The governor is right
New Delhi, Apr 25 (KNN) Speaking at the International Monetary Fund (IMF)-World Bank Spring Meetings in Washington recently, Reserve Bank of India Governor Shaktikanta Das made an extremely significant point, far reaching in its ramifications, and one that would have revolutionary implications for monetary policy worldwide. He asked Central Bankers all over the world to reflect on the conduct of monetary policy and not restrict themselves to the existing norms of oversimplified stances on policy direction and standardized 25 basis point tranches of policy action.
Governor Das explained that the current approach, followed by Central Banks worldwide, actually serves to deter policy, through an example: “If the easing of monetary policy is required but the central bank prefers to be cautious in its accommodation, a 10 bps reduction in the policy rate would perhaps communicate the intent of authorities more clearly than two separate moves – one on the policy rate, wasting 15 bps of valuable rate action to rounding off, and the other on the stance, which, in a sense, binds future policy action to a pre-committed direction.”
This leads us to reflect on why such a convention exists, and why we have persisted with it for so long. A logical conjecture that comes to mind is that it is a remnant of the unipolar economic world of the last quarter of the last century when the United States overwhelmingly dominated global markets both in terms of the volume of real as well as financial products. In those days it made eminent sense for all economic activity to be aligned, both operationally and conceptually to U.S. practices. Hence it made perfect sense for Europe, Japan, non-Japan Asia, Australia and the Emerging Markets to be in sync with the actions of the US Federal Reserve.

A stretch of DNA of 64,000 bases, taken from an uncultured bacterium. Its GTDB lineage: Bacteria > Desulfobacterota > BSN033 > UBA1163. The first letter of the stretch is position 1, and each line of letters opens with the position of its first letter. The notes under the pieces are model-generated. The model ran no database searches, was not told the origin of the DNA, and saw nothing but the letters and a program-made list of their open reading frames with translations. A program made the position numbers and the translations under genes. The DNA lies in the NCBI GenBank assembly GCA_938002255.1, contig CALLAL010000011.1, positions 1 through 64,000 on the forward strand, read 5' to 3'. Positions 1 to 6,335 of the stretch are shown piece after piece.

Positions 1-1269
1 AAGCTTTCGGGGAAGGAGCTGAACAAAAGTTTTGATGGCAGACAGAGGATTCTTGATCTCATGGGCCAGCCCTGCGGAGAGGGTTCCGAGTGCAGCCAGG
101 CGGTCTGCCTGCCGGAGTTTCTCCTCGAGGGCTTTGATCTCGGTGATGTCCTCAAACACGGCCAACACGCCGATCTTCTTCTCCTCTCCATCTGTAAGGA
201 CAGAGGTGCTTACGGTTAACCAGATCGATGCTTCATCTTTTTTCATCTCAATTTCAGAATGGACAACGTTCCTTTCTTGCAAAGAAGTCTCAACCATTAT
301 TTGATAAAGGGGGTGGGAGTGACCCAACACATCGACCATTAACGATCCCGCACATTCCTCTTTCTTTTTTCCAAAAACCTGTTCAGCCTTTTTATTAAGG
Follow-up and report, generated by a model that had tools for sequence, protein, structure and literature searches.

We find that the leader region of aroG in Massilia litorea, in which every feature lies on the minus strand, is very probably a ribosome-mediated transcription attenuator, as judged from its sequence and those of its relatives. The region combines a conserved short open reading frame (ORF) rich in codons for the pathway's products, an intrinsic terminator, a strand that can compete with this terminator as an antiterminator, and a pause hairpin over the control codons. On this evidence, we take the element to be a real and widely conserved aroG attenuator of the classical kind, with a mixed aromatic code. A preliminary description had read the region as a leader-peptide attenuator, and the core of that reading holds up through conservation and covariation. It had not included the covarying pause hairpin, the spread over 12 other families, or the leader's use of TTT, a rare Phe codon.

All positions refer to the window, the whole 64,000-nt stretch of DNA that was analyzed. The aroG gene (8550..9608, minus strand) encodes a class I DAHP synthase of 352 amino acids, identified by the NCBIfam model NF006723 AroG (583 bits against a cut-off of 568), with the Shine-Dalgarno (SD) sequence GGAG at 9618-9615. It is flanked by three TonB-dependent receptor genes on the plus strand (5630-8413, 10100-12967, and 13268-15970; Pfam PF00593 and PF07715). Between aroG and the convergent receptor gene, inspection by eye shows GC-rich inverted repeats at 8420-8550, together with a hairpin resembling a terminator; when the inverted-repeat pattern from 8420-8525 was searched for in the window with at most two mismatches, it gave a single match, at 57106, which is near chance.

However, times are changing. Today the real and financial sectors in Asia are becoming increasingly more significant. We have argued that 30 years from now the Big Three in the world will be China, India and the U.S. Hence the classification of the world into G7, Emerging Markets and the arrangements of the last quarter of the 20th century will be obsolete. In the coming world, using conventions of a previous age will be quite inappropriate at best and positively harmful at worst.
So do we need to use those conventions at all any longer? The answer is clearly no. The current approach is unwieldy and insufficient for the needs of the growth economies of today. Take India, for instance. The Governor cannot be hamstrung by being forced simply by convention to make a delayed impact instead of one that he is required to make instantaneously. The market he operates in is large enough and diverse enough to adjust to policy in extremely quick time. In addition, India is clearly a supply side economy and rational expectations type policy is needed, not the old traditional post Keynesian policies of late 20th century America. In such an economy the RBI Governor not only needs freedom of action but actually more empowerment.
In terms of the actual operational conduct of monetary policy we feel that imitating US conventions with a voting Monetary Policy Committee is not optimal. Though we are all for a strong MPC, we feel it should have a strictly closed door advisory role to the RBI Governor. If the buck stops with him, there is no way his actions should be fettered in any form.
Governor Das is absolutely right. More power to him!
Author: Dr. Ranjan Chakravarty - Product Strategy of Metropolitan Stock Exchange of India, India’s youngest and one of the three stock exchanges recognized by SEBI.